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The Rhythm of Memory

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Octavio Ribeiro loves truth, beauty, literature, and above all else, his wife Salomé. As a student in Chile, he courted her with the words of great poets, and she fell in love with his fierce intelligence and uncompromising passion. Then a sudden coup brings a brutal military dictatorship into power, and puts anyone who resists in grave danger. Salomé begs Octavio to put h Octavio Ribeiro loves truth, beauty, literature, and above all else, his wife Salomé. As a student in Chile, he courted her with the words of great poets, and she fell in love with his fierce intelligence and uncompromising passion. Then a sudden coup brings a brutal military dictatorship into power, and puts anyone who resists in grave danger. Salomé begs Octavio to put his family’s safety first, rather than speak against the new regime. When he refuses, it’s Salomé who pays the price. Belatedly awake to the reality of their danger, Octavio finds political asylum for the family in Sweden. But for Salomé, the path back to love is fraught with painful secrets, and the knowledge that they can never go home again. Previously published as Swedish Tango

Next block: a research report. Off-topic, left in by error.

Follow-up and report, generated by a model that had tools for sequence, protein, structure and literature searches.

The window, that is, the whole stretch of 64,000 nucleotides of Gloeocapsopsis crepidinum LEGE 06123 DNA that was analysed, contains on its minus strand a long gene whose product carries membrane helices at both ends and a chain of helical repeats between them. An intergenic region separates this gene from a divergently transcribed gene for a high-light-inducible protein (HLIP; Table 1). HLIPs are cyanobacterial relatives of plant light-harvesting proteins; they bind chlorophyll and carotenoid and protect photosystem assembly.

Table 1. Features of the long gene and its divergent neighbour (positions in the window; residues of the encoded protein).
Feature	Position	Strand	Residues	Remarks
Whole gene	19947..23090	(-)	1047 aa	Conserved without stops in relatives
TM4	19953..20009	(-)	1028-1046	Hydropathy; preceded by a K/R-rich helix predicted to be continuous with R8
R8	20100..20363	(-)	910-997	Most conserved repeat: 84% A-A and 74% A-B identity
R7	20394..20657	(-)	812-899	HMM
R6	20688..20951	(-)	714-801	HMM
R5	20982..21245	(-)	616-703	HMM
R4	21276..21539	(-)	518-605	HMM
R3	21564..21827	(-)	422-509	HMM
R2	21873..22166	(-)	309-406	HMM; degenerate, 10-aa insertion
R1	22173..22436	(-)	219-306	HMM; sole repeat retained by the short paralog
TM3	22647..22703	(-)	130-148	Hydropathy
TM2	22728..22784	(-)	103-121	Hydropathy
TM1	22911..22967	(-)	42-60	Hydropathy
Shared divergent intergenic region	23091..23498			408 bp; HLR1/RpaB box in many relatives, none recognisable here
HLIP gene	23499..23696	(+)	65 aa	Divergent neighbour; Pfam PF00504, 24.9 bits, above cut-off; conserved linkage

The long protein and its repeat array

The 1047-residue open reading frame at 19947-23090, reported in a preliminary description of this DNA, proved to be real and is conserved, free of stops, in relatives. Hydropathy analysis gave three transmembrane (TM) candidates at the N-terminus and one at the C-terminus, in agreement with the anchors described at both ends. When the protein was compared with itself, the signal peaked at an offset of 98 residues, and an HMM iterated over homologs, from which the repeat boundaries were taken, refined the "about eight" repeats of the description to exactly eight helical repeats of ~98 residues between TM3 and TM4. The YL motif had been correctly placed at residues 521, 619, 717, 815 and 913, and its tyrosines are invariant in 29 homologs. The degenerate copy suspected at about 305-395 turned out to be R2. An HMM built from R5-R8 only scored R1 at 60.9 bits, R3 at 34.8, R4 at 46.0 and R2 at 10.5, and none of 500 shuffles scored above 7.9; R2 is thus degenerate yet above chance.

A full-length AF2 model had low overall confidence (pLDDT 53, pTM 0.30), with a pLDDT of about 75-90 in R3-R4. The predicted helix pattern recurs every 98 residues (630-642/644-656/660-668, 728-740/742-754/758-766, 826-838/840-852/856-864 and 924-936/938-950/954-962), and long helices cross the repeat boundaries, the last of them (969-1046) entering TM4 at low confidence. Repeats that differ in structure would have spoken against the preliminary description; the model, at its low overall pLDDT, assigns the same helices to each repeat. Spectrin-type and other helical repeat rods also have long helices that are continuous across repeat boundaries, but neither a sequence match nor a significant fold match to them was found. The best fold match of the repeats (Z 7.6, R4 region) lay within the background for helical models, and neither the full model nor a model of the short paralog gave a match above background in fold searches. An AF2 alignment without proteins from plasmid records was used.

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Octavio Ribeiro loves truth, beauty, literature, and above all else, his wife Salomé. As a student in Chile, he courted her with the words of great poets, and she fell in love with his fierce intelligence and uncompromising passion. Then a sudden coup brings a brutal military dictatorship into power, and puts anyone who resists in grave danger. Salomé begs Octavio to put h Octavio Ribeiro loves truth, beauty, literature, and above all else, his wife Salomé. As a student in Chile, he courted her with the words of great poets, and she fell in love with his fierce intelligence and uncompromising passion. Then a sudden coup brings a brutal military dictatorship into power, and puts anyone who resists in grave danger. Salomé begs Octavio to put his family’s safety first, rather than speak against the new regime. When he refuses, it’s Salomé who pays the price. Belatedly awake to the reality of their danger, Octavio finds political asylum for the family in Sweden. But for Salomé, the path back to love is fraught with painful secrets, and the knowledge that they can never go home again. Previously published as Swedish Tango

30 review for The Rhythm of Memory

  1. 4 out of 5

    Chrissie